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This Is The Way The World Ends

New York
Metropolitan Opera
04/24/2004 -  
Richard Wagner: Goetterdaemmerung
Jane Eaglen (Bruennhilde)
Yvonne Naef (Waltraute and Second Norn)
Margaret Jane Wray (Gutrune)
Elena Zaremba and Christine Goerke (Norns)
Jon Frederic West (Siegfried)
Alan Held (Gunther)
Matti Salminen (Hagen)
Richard Paul Fink (Alberich)
Orchestra and Men's Chorus of the Metropolitan Opera
James Levine (conductor)

In the Wagnerian concept of Gesamtkunstwerk, the tetralogy of “Ring” operas needs to be experienced as a cycle (and, some would argue, only at Bayreuth, but that’s a whole ‘nother discussion) wherein one is totally invested. The Metropolitan opera schedules these cycles in the traditional manner, taking one week to complete each one of them. However, there are other ways to peddle that cycle and, for this season, an interesting alternative is a series of four Saturday matinees, the string only interrupted for Holy Week (and no Parsifal). After thrilling to the initial Rheingold broadcast and remembering that Donner’s call to the mists might very well be the most powerful moment in all of Western music, I found myself whistling various leitmotifs at the oddest possible times. Once Walkuere came around, I was singing my own Winterstuermes while walking into the strong winds of a brutal Gotham spring, attempting not to be blown over in the process. Once actually attending the Siegfried, I was hooked. To enhance my total involvement, I attended receptions and seminars hosted by the Wagner Society of New York, at one of which I was able to converse with the inspirational tenor of the televised MET “Ring”, Siegfried Jerusalem.

The process of absorption works something like this. Here’s what I wrote in December 2000 about a Barenboim Beethoven week:

“I was fortunate enough at university to study with a man who allotted six months for the reading of The Magic Mountain. He wanted his students to experience this towering work as a totality, to take walks while ruminating on its concepts, to think of its scope and power while dining, to admire its poetry while daydreaming in other professors’ courses. Wagner had a similar idea at Bayreuth, the Festspiel gestalt allowing for an immersion in the worlds of Valhalla and Nibelheim even when not at the opera house (although Tchaikovsky, there as a journalist, did little but complain about the food).”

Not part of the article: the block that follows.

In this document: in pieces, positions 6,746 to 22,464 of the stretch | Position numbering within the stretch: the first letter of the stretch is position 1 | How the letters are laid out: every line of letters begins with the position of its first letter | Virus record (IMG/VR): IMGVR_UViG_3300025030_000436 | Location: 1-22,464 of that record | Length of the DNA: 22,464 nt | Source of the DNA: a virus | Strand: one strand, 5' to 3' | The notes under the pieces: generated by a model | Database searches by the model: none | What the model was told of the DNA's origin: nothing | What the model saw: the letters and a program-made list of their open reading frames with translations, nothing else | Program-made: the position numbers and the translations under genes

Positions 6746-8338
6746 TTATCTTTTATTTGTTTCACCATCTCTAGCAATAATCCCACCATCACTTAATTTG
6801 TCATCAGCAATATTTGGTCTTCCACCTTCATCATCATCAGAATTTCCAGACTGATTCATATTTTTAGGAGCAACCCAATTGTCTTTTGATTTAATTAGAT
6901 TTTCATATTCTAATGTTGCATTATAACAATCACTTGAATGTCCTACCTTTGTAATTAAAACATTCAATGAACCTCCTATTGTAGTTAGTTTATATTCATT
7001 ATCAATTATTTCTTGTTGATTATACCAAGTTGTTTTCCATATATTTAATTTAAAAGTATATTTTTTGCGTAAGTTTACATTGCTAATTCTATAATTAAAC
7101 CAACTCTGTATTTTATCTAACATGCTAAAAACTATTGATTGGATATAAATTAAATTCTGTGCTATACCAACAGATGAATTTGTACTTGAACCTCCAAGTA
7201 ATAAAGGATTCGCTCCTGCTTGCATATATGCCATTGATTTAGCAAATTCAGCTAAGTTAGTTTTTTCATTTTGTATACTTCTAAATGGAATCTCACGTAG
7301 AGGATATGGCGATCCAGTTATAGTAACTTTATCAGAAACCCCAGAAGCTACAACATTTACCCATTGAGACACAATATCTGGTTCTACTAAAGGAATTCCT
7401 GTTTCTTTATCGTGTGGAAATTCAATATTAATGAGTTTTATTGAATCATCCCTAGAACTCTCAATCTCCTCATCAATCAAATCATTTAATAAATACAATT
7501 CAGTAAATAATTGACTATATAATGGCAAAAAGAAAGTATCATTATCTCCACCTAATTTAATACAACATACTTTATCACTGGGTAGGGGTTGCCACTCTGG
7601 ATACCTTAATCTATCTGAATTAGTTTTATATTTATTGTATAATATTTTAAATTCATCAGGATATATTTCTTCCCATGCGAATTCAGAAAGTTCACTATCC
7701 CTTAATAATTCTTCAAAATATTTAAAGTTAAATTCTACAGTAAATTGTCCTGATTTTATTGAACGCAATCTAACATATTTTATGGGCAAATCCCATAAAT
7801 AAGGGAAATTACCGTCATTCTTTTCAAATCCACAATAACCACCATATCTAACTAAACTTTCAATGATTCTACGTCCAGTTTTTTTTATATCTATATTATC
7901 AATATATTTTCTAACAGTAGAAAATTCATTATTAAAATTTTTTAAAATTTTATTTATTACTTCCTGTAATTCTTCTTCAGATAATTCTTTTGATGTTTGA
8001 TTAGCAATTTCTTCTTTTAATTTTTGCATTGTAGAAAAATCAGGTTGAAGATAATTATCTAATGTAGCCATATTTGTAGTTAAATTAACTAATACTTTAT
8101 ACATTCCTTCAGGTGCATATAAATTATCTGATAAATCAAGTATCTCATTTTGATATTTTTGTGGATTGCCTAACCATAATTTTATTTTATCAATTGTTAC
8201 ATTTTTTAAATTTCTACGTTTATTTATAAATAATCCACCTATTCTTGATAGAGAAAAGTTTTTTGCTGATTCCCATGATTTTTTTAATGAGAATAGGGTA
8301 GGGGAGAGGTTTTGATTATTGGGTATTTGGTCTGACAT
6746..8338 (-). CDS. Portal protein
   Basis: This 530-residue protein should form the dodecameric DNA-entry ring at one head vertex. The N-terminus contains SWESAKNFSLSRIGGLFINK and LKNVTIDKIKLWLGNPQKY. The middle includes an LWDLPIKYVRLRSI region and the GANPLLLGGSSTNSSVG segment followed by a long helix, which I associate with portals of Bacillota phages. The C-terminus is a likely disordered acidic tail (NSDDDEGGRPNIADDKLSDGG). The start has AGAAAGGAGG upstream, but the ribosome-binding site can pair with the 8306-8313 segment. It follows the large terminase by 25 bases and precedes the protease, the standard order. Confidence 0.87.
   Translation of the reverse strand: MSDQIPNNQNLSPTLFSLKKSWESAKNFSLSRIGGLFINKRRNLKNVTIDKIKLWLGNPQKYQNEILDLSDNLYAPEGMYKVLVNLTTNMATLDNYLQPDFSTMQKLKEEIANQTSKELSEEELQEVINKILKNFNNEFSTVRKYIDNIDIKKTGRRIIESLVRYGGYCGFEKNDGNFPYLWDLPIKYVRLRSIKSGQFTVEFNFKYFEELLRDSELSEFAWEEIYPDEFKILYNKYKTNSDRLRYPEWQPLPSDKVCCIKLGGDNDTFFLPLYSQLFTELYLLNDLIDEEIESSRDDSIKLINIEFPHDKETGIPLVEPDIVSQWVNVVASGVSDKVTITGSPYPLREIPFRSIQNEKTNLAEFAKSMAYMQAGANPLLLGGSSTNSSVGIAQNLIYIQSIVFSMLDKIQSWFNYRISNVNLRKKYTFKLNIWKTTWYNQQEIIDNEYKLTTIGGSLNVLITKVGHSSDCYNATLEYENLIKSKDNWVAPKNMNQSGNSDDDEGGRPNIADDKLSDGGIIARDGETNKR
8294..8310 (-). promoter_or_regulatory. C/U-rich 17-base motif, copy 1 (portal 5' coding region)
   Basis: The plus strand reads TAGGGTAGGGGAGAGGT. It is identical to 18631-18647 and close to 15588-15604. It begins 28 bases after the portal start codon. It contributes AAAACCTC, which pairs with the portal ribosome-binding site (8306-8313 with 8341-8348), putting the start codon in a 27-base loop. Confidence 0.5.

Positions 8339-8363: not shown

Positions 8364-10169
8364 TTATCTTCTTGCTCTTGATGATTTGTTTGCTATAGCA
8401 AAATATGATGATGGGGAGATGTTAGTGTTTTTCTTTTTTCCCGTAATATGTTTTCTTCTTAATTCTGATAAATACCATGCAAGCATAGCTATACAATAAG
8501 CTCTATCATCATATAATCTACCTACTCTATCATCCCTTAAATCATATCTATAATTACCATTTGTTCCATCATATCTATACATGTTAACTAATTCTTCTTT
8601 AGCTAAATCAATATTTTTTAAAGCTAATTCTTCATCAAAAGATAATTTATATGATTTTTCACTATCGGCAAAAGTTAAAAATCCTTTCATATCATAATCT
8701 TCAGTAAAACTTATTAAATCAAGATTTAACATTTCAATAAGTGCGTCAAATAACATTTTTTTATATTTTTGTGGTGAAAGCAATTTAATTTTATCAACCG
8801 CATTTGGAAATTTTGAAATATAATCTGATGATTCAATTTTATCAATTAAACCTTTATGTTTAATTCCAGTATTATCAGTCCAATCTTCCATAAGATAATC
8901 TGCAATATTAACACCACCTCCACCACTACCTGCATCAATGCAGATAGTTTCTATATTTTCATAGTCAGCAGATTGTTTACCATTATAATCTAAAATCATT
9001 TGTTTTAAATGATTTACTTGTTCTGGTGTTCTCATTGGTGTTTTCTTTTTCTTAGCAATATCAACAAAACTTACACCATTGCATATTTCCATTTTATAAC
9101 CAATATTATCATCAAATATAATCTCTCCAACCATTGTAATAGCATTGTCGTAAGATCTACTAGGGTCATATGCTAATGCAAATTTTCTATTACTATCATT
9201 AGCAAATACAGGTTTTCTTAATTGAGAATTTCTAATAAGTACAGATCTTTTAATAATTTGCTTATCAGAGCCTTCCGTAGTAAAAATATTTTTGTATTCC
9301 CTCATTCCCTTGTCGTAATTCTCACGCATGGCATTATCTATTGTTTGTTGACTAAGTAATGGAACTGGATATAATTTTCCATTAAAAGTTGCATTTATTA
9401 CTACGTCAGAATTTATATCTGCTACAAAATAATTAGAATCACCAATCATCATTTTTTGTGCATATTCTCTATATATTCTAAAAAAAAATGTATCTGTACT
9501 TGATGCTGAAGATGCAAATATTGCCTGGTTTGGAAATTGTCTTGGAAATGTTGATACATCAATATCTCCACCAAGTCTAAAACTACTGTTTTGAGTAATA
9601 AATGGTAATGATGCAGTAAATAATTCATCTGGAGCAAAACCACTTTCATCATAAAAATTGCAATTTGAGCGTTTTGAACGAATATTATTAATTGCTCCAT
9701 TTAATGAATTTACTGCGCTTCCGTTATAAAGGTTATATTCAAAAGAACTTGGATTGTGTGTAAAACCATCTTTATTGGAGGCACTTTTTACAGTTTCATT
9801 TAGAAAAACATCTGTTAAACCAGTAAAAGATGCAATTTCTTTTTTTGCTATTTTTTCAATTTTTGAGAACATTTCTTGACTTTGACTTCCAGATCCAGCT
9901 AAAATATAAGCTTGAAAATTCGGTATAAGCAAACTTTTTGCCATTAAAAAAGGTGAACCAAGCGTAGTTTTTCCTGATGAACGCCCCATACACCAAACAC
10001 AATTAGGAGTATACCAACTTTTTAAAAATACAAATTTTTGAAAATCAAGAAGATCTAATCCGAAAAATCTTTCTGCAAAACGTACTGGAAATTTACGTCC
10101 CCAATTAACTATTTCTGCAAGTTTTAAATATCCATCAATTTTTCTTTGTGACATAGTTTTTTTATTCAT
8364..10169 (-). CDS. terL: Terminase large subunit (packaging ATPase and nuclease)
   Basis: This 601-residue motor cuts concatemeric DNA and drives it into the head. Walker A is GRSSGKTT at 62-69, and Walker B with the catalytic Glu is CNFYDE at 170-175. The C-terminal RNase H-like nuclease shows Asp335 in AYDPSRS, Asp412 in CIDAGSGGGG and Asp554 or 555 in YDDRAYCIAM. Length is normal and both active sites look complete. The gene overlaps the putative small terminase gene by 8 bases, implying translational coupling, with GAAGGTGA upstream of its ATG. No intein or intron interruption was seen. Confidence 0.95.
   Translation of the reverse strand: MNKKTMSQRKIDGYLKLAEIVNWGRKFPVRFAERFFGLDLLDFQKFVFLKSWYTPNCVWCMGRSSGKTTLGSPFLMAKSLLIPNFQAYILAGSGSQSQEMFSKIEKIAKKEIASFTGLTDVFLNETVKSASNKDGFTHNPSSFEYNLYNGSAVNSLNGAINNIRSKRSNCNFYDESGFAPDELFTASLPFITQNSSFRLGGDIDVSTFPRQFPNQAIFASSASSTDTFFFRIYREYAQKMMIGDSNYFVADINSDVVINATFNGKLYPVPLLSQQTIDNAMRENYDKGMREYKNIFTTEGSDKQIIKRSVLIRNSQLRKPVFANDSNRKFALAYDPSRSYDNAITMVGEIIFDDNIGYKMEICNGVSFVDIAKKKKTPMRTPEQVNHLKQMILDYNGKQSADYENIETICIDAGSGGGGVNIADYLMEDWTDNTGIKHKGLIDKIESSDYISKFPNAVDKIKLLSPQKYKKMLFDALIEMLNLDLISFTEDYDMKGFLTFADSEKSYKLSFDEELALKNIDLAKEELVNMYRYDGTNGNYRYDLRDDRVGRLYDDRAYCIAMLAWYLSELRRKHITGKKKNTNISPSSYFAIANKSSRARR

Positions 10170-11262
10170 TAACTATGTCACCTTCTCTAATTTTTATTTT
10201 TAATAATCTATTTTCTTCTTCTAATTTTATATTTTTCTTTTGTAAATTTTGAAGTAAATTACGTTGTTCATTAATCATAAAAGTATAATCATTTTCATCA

Competing against yourself is the most difficult contest of all, and that is the current task of James Levine. Let us point out at the outset that this is a terrific performance, was, is and ever shall be. But how does it stack up against the powerful iterations of the late 1980’s? Perhaps the biggest difference is in the conductorial approach. Slower and more measured, Levine’s interpretation today seems to go more for the nobility and lyricism, the broader melodic line. What’s lost in translation is quite a bit of the dramatic intensity. In this afternoon’s performance, for example, the orchestral stunners were a little less so, the Rhine Journey and Funeral March more staid and less taut. The newer cast members also seemed less inclined (or would it actually be able?) to wrest the deeper emotions from our breasts. In fact, only the sole survivor of the original production, the Hagen of Matti Salminen, and two of the minor characters appeared to connect on a visceral level with their audience.

Alan Held was a creditable and strong-voiced Gunther while Richard Paul Fink reprised his slitheringly slimy Alberich with glee. It was at this production fifteen years ago that this reviewer first came up with the idea that perhaps all of acts two and three (and therefore the cataclysm) was actually but a dream of Hagen (think of the steersman of the Dutchman), since the action begins with him asleep and being asked if that is indeed his condition by his father and ends with him plunging into the fire turning to Freudian water. Salminen certainly plays the part as if he were the star, and sounds as menacingly confident as he did when this Ring was new (as did James Morris in the first three installments). Our new Siegfried, Jon Frederic West, was again serviceable and tireless, but I must admit to thinking when he emerged amidst horn calls, “oh, this guy again!”

Two newcomers were extremely impressive. Yvonne Naef, who dazzled as Fricka, was an extremely involving Waltraute, singing, well, rings around our catatonic Bruennhilde. I don’t remember the older performances of this role (no, there were not by Waltraute Meier) as being anywhere near as affecting. Margaret Jane Wray was a sympathetic Gutrune with an extremely secure top line, her scene at the bier of Siegfried providing stark contrast to the wooden performance of Jane Eaglen, once again dispensing notes like a candy machine. The three norns were quite chilling in their lamentations. Elena Zaremba, now allowed to stand on the stage (she had been buried in a hole for her Erda), belted out her rich and deep vibrato in a suitably otherworldly manner and Ms. Naef, just killing time until her big number, was spectacular as well in this crucial part. Christine Goerke was fine as the third string-puller, but, with this duo surrounding her she was, well, the weak sister.

One can’t ignore the greatness of the production, a true contrarian in the contemporary environment of glitz over substance. How much more interesting to harken back to the original Bayreuth models than to regurgitate one more “Jesus in the urinal” solipsism. When was the last time you ever heard a set applauded? For me, it was but a few hours ago.

Frederick L. Kirshnit



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